Congratulations to our 2013 Pilot Project Awardees (Women’s Cancers)!
Deri Morgan, PhD
Qiping Zheng, PhD
Title: The Role of Voltage-Gated Proton Channels in pH Regulation and Reactive Oxygen Species in Metastatic Breast Cancer Cells
PI: Deri Morgan PhD, Associate Professor, Department of Biophysics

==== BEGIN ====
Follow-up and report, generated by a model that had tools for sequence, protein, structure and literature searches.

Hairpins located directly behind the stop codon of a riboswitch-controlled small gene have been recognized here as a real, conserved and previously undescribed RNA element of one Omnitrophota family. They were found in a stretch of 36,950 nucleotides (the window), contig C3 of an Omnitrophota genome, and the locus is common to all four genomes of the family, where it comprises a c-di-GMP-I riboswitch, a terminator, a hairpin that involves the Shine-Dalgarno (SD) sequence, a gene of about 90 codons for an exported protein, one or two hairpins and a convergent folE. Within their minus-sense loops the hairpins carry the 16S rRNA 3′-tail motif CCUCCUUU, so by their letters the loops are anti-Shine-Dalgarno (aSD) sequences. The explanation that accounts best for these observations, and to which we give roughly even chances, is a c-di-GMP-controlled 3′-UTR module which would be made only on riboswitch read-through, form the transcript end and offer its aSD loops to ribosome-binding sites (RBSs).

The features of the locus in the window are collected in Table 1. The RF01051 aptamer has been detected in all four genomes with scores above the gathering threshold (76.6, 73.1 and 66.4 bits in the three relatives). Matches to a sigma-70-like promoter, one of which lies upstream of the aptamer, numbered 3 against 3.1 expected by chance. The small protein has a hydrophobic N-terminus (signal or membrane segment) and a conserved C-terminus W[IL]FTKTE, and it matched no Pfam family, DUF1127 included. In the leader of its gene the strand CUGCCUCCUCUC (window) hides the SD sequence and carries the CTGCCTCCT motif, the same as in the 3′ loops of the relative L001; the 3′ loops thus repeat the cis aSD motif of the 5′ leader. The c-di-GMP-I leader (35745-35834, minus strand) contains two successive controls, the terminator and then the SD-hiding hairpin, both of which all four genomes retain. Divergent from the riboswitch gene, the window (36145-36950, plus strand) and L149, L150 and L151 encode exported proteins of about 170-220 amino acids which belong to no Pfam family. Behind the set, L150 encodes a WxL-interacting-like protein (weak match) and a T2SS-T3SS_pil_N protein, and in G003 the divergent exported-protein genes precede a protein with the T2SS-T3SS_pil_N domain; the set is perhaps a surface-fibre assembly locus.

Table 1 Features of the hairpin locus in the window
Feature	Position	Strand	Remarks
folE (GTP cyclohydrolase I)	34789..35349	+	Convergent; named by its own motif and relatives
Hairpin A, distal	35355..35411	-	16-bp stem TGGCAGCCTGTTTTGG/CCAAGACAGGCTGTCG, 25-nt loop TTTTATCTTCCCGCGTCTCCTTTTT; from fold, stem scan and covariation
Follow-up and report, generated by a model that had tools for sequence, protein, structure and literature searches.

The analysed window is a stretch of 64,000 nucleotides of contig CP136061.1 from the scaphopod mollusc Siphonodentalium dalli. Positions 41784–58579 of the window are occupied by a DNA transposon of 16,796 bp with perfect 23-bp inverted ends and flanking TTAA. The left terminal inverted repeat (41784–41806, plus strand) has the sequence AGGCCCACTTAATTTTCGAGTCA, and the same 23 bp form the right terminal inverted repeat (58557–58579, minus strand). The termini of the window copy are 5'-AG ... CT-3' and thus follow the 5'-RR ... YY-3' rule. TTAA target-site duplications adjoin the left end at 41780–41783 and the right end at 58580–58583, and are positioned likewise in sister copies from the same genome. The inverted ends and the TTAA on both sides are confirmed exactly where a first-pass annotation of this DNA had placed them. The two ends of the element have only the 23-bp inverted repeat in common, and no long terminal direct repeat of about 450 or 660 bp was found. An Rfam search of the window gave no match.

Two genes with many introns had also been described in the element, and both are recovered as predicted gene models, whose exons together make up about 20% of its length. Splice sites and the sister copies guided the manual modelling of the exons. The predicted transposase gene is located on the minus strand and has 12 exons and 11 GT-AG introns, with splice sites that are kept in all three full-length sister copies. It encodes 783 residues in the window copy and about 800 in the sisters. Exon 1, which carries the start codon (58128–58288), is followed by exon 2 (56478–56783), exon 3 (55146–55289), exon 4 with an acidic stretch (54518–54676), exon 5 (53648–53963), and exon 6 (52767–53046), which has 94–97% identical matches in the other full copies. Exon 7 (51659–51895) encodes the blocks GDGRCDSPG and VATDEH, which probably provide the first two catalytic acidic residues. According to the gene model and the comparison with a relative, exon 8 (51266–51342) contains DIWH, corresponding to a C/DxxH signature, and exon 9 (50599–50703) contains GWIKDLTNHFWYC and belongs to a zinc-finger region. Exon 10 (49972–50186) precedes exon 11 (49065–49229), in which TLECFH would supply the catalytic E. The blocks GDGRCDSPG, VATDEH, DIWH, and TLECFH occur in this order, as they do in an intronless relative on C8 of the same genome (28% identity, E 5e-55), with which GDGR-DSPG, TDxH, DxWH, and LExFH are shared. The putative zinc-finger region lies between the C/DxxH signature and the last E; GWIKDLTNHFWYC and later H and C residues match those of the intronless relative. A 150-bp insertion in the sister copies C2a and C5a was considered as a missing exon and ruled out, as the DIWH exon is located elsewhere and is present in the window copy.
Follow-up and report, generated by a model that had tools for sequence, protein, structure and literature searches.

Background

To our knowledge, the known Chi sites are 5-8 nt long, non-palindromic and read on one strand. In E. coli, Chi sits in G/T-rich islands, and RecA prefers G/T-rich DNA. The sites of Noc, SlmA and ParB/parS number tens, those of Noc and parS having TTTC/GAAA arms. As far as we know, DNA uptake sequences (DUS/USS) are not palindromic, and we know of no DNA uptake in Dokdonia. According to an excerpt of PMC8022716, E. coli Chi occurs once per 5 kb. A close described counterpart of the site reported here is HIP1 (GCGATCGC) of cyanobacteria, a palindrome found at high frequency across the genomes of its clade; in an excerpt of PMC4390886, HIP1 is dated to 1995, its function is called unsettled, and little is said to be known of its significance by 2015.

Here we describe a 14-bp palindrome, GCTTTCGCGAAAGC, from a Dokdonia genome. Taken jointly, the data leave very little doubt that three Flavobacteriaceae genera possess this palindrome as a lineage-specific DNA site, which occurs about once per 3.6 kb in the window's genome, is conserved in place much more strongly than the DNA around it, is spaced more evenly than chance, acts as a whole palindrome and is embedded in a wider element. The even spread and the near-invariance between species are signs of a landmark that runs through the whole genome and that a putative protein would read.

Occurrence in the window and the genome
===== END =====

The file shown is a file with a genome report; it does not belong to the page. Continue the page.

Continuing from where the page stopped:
Abstract: Cancer cells are highly metabolic cells that often grow in hypoxic environments of low pH and generate a large amount of reactive oxygen species (ROS). The ability of these cells to extrude acid to maintain a high cytosolic pH enables their survival. Prevention of acid extrusion in malignant cells thus would serve as a method to target cancerous tissue, which produces excessive acid due to the Warburg effect. It was shown recently that highly metastatic breast cancer cells have substantially higher levels of voltage gated proton channel (Hv1) expression than healthy breast tissue. Furthermore, high Hv1 levels were correlated with increased tumor size, more severe classification, more advanced clinical stage, lower recurrence-free survival, and shorter overall survival. Inhibition of gene expression using siRNA inhibited cancer growth and suppressed the cancer cell proliferation. Down-regulation of Hv1 prevented extracellular acidification and increased intracellular acidification in some cancer cell lines. These results indicate that Hv1 is a highly promising target to ameliorate breast cancer. However, because this is the first report of Hv1 involvement in cancer, very little is known about the contribution of the voltage gated proton channel to pH homeostasis in cancer cells. In fact, there is no direct electrophysiological confirmation that functioning Hv1 are present in plasma membranes of breast cancer cells. We will apply our expertise in Hv1 electrophysiology to measure the membrane activity of Hv1 in breast cancer cells directly via the patch clamp technique. We further hypothesize that the “enhanced gating mode” - profound enhancement of Hv1 activity that occurs in phagocytosing leukocytes – may contribute to the ability of Hv1 to exacerbate breast cancer by facilitating acid extrusion by cancer cells. Cancer cells produce a large amount of ROS and NADPH oxidase has been implicated in cancer cell survival and metastasis. We have shown that Hv1 regulates NADPH oxidase in cells such as neutrophils and B cells. We have evidence that highly metastatic cancer cells release ROS via the NADPH oxidase and we hypothesize that Hv1 enables the oxidase to function in an increased capacity in metastatic cancer cells enabling their survival, migration and invasion. We intend to utilize cellular assays and molecular knockdown techniques to determine the presence of NADPH oxidase in breast cancer cell lines and the nature of the involvement Hv1 with the activity of the enzyme. We hypothesize that the mechanism for at least part of the effects that Hv1 has on breast cancer cells involves modulation of NADPH oxidase activity.